Robots and associated tooling see improvements

  • 11-Dec-2008 12:06 EST
Applied Robotics' Sigma Tool Changers go about their business in an Ogihara automotive stamping and body panel subassembly plant in Michigan.

Since the 1990s, robot capabilities have advanced in speed, accuracy, and repeatability, along with payload. For example, the Kuka KR 1000 Titan six-axis articulated-arm robot lifts a 1000-kg (2200-lb) payload over a 3202-mm (126-in) maximum reach with repeatability up to 0.2 mm (0.008 in).

Enhancements in machine vision enable non-structured tasks such as bin picking. Force-feedback technology has given robots a sense of touch. Combined with offline programming as part of a complete manufacturing simulation package, not only are robots cheaper to buy, but they are also easier to program. While there is still a place for traditional transfer technology, use of robots is growing. They are used in ever more complex operations. These operations include fixturing whole car and truck bodies. They also are used in material removal such as deburring or drilling, as well as the more traditional welding and painting applications. Pushing their capability into the computer numeric control arena, Stäubli announced in September its RX170 HSM robot specifically designed for machining, with a high-speed spindle integrated directly into its forearm.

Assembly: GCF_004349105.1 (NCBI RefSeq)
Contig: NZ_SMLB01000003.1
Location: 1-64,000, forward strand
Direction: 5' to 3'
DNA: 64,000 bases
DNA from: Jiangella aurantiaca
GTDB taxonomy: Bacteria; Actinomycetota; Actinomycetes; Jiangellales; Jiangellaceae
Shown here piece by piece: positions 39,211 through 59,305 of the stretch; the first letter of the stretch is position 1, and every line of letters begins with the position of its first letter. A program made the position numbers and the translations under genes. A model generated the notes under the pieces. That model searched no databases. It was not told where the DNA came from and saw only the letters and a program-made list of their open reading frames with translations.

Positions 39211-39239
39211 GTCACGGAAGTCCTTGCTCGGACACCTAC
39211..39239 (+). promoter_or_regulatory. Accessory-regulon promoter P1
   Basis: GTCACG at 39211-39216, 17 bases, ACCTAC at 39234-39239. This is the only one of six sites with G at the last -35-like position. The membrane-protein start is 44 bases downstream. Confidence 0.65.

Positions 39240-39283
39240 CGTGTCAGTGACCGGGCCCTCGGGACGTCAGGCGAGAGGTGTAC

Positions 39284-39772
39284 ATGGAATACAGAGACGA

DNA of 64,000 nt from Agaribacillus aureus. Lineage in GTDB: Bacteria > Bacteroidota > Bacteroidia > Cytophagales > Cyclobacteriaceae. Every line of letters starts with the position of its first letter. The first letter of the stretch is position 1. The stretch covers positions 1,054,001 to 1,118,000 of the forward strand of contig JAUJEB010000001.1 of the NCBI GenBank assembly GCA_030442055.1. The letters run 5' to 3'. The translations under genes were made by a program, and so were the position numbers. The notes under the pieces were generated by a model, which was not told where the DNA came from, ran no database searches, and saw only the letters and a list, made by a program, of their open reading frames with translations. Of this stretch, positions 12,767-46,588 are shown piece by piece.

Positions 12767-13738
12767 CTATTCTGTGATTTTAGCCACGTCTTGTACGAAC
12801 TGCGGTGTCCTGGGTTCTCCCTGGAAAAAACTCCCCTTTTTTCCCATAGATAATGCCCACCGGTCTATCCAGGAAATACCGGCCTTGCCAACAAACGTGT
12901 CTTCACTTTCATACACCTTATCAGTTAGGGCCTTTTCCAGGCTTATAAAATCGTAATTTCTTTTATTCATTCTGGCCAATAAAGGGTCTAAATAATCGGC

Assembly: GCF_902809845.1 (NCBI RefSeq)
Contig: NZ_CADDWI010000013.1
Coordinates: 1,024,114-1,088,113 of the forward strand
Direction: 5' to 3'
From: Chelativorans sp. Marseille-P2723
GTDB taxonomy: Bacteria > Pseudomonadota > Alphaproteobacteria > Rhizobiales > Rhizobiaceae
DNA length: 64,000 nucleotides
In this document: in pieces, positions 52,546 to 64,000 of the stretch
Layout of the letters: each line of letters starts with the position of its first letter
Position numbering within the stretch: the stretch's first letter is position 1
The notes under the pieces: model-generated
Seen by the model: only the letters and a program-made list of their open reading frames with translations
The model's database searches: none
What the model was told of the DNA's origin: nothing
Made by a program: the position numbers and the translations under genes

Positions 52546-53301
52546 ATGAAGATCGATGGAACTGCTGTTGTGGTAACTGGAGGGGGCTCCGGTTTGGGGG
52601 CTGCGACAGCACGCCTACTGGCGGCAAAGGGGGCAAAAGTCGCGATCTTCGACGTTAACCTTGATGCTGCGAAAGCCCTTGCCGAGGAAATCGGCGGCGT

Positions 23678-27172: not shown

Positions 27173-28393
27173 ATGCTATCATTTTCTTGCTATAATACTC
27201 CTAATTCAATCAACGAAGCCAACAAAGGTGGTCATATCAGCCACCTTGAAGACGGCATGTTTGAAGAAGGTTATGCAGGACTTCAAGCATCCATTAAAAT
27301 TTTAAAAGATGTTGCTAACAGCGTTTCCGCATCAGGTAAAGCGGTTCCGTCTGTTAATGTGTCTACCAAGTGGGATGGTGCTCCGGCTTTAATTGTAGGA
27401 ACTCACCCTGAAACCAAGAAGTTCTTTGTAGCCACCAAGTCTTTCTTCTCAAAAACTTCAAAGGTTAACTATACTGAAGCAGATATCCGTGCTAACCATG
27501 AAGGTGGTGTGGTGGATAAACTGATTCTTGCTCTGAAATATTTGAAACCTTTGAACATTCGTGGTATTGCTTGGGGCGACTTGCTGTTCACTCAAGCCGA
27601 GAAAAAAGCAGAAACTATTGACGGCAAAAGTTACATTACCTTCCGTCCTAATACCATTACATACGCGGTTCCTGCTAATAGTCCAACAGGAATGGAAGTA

This is forcing suppliers of end-of-arm tooling and support equipment to adapt as well. “There are really two areas of change in robotic automation that is forcing us [as suppliers of tooling] to adapt: increasing robotic payload and advances in control technology,” said Walter Saxe, Automotive Business Development Manager for Applied Robotics. “Our tool-changers need to hold those higher-payload end effectors. Where we used to have to pick up a 200-kg weld gun, we are being asked today to pick up a 500-kg car body.”

Saxe added that higher reliability, easier repair ability, and inherent reliability (think fewer parts) are ongoing improvements to their equipment.

Significant advances in controls technology have forced suppliers of end-of-arm tooling and support equipment to adapt as well, according to Saxe.

“There is no universally preferred controls technology globally,” he said. While some customers use the DeviceNet standard, others use Profibus, ethernet, or fiber optics.

“The controls system tracks if welds are done properly, if the vehicle body has indexed into the weld station, or if the weld gun has failed among other functions. It collects, gathers, and controls what is going on in the plant,” Saxe explained.

Applied Robotics developed an electronic module that interfaces with these different control system protocols. “To meet our customers changing controls requirements, we are working to develop a more flexible system to accommodate the disparate controls technologies that are used today,” said Saxe. “We expect to release something truly unique and innovative in the first quarter of 2009.”

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